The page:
Iris Murdoch: Under The Net

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If only Iris had stuck to books of this length.  Her baroque plotting, arcane philosophising, unlikely love tangles and coups-de-foudre play out beautifully in the 286 pages of her first book – by contrast, The Sea the Sea, her nineteenth, has 502 pages and could do with some severe editing. And Under The Net is very funny, with a slapstick silliness that I don’t remember in the later books. Here’s the narrator Jake squatting on a fire escape to eavesdrop, trying to allay the suspicions of two neighbours:

They consulted each other. Then the one in the hat called out, “Are you all right?”

This was very unnerving. It required an iron discipline to prevent myself from getting up and running. I prayed that Sammy and Sadie hadn’t heard. Meanwhile I nodded my head vigorously and directed a happy smile in the direction of the two ladies.

“Are you sure?” she asked again.

Almost in despair, I nodded, and added to my smile such gestures indicative of total well-being as it is possible to perform in a sitting position with one’s back against a door. I shook hands with myself, held up my thumb and index finger in the form of an O, and smiled even more emphatically.

“If you ask me, I think he’s an escaped loonie,” said the second woman. (131)

 If you know and love London you should read this book just for the epic pub-crawl starting at Ludgate Hill and ending at St Andrew by the Wardrobe, after a midnight swim in the Thames:

The sky opened out above me like an unfurled banner, cascading with stars and blanched by the moon. The black hulls of barges darkened the water behind me and murky towers and pinnacles rose indistinctly on the other bank. I swam well out in to the river. It seemed enormously wide; and as I looked up and down stream I could see on one side the dark pools under Blackfriars Bridge, and on the other the pillars of Southwark Bridge glistening under the moon. The whole expanse of water was running with light.  It was like swimming in quicksilver. (118)

It’s a book for anyone who knows and loves Paris too. Its brilliant, exhilarating particularity is only very slightly tinged by the characteristic Murdochian mysticism, without the portentousness that sludged up her later work. I liked it the first time I read it, but I liked it even better this time.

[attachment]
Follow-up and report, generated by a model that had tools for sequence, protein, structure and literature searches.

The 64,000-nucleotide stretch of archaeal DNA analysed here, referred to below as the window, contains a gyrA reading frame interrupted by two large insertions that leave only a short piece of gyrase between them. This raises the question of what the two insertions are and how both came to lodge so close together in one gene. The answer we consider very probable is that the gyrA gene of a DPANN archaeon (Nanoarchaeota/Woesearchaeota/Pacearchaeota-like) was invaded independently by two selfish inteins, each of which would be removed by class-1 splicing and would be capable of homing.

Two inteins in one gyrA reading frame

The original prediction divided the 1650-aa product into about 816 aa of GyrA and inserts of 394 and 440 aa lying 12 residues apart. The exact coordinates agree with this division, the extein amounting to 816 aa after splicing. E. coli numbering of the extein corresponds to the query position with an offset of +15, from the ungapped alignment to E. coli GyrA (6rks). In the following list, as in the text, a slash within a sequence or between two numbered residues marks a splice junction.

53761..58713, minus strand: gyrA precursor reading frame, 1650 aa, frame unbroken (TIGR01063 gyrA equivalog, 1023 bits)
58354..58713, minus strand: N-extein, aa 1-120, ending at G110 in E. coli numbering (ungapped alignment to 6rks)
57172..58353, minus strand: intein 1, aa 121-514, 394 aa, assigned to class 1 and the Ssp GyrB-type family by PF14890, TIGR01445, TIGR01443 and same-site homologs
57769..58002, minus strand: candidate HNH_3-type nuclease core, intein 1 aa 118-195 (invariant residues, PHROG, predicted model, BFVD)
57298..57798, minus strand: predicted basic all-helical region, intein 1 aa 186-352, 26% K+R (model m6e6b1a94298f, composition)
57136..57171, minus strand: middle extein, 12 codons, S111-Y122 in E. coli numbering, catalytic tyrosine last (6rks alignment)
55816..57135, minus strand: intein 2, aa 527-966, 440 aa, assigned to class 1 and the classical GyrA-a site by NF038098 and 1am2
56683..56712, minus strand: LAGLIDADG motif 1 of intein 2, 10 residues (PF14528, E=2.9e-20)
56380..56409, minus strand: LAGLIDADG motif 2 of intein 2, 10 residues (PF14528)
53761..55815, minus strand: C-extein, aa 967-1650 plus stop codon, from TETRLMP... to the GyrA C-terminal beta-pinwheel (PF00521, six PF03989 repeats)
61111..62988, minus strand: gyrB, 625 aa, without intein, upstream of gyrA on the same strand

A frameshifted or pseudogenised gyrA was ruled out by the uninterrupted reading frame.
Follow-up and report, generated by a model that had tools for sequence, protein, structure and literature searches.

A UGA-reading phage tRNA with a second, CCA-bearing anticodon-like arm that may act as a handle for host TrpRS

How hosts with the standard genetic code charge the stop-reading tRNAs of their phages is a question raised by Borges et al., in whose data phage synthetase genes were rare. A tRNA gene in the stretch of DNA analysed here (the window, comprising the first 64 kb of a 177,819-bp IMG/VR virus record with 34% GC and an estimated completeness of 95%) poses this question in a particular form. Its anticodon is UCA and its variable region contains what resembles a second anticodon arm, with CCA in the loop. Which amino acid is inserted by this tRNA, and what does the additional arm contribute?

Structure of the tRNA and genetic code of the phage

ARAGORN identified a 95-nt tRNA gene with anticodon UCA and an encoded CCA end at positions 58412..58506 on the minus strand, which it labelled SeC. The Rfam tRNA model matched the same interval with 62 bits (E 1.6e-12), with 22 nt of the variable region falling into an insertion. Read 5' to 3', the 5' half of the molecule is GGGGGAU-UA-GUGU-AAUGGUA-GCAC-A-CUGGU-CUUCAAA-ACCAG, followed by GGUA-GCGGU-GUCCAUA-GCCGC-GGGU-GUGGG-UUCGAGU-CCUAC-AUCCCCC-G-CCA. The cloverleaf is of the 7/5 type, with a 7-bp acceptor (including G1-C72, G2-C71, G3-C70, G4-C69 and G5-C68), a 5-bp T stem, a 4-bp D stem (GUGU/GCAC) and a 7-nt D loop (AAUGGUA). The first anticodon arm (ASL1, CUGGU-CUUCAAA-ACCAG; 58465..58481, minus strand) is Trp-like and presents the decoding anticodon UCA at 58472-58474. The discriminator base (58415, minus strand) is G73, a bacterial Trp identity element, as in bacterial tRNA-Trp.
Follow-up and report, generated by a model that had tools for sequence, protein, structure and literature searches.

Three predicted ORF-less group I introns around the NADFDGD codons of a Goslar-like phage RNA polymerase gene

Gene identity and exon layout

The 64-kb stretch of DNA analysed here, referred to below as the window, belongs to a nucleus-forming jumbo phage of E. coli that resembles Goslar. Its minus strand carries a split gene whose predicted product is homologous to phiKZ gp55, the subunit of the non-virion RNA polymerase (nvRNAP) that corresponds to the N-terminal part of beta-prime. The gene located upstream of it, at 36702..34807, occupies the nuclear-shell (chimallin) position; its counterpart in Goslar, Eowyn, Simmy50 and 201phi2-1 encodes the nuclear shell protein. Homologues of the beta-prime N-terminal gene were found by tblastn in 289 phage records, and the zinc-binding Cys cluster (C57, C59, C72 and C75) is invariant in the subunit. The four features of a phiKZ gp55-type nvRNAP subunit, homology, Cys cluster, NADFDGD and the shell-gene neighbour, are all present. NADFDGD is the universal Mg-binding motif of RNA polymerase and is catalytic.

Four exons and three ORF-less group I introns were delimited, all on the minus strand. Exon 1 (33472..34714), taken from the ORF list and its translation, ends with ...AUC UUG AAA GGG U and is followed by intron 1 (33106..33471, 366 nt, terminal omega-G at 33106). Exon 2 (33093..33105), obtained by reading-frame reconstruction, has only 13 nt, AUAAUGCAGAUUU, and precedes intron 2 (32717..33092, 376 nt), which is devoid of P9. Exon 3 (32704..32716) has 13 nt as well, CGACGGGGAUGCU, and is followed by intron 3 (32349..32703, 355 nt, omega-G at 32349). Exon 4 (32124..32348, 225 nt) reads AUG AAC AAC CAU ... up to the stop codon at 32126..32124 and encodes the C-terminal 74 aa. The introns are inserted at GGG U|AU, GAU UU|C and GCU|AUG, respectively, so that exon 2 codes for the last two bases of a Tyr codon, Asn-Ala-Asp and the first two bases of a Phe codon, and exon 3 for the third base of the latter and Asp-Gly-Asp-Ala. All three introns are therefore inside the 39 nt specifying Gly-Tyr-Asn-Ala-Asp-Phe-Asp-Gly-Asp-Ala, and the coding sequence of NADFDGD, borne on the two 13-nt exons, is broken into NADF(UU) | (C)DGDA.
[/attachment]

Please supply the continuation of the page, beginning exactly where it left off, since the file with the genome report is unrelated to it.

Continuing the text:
“I don’t know why it is,” I said, “It’s just one of the wonders of the world.” (286)

So ends Jake Donoghue’s sentimental education by way of actresses, singers, bookies, cab-drivers, socialist rabble-rousers, amateur and professional philosophers, the sage Mrs Tinckham with her innumerable cats, a stint as a hospital orderly, and a film-star dog.  An ending worthy of Mozart. It’s an absolute treat.

 

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20 thoughts on “Iris Murdoch: Under The Net

    1. This was her first book. Her second ‘The Bell’ is quite short too, and rather good (though not funny). As she went on the books got longer and longer and it’s said she refused to be edited, so there was no rein on her tendency to go on and on in a rather tiresome way. Her last book “Jackson’s Dilemma” was possibly affected by her dementia – at any rate the Gerts remember reading it and being unclear at the end what Jackson’s dilemma actually was.
      I do think you’d like this one.

        1. Oops, Leslie, I just realised I was thinking of another book that I was writing about at the same time, a crime novel by Louise Penny set in Canada. You probably know of her? She’s the one you’d like, not our friend Iris.

  1. Just as coincidence I too was re-reading this and was also taken by that very detailed pub crawl in lost London. I probably have more patience with Murdoch’s longer stuff but I agree in general “The Severed Head” was another shortie as I recall. And I do love the sly humour – which of course is often rather dark.

  2. In our time we read everything she wrote. But I do think the early work is perhaps more disciplined. When she had no editing things got a bit turgid. Although I do have a fondness for The Sea The Sea( which I don’t think Other Gert shares.)

  3. I think I need to put my preconceptions to one side and read something by Iris Murdoch. The early short ones definitely appeal to me more than her later books. Have you read the one Guy has just written about, A Severed Head? If so, how do you think they compare? (I’m also looking at The Sandcastle, just to further complicate things.)

    1. I find A Severed Head a lot blacker and more uncomfortable than Guy did. I have read The Sandcastle but don’t remember much about it. If you were going to start anywhere I think Under The Net would be the one.

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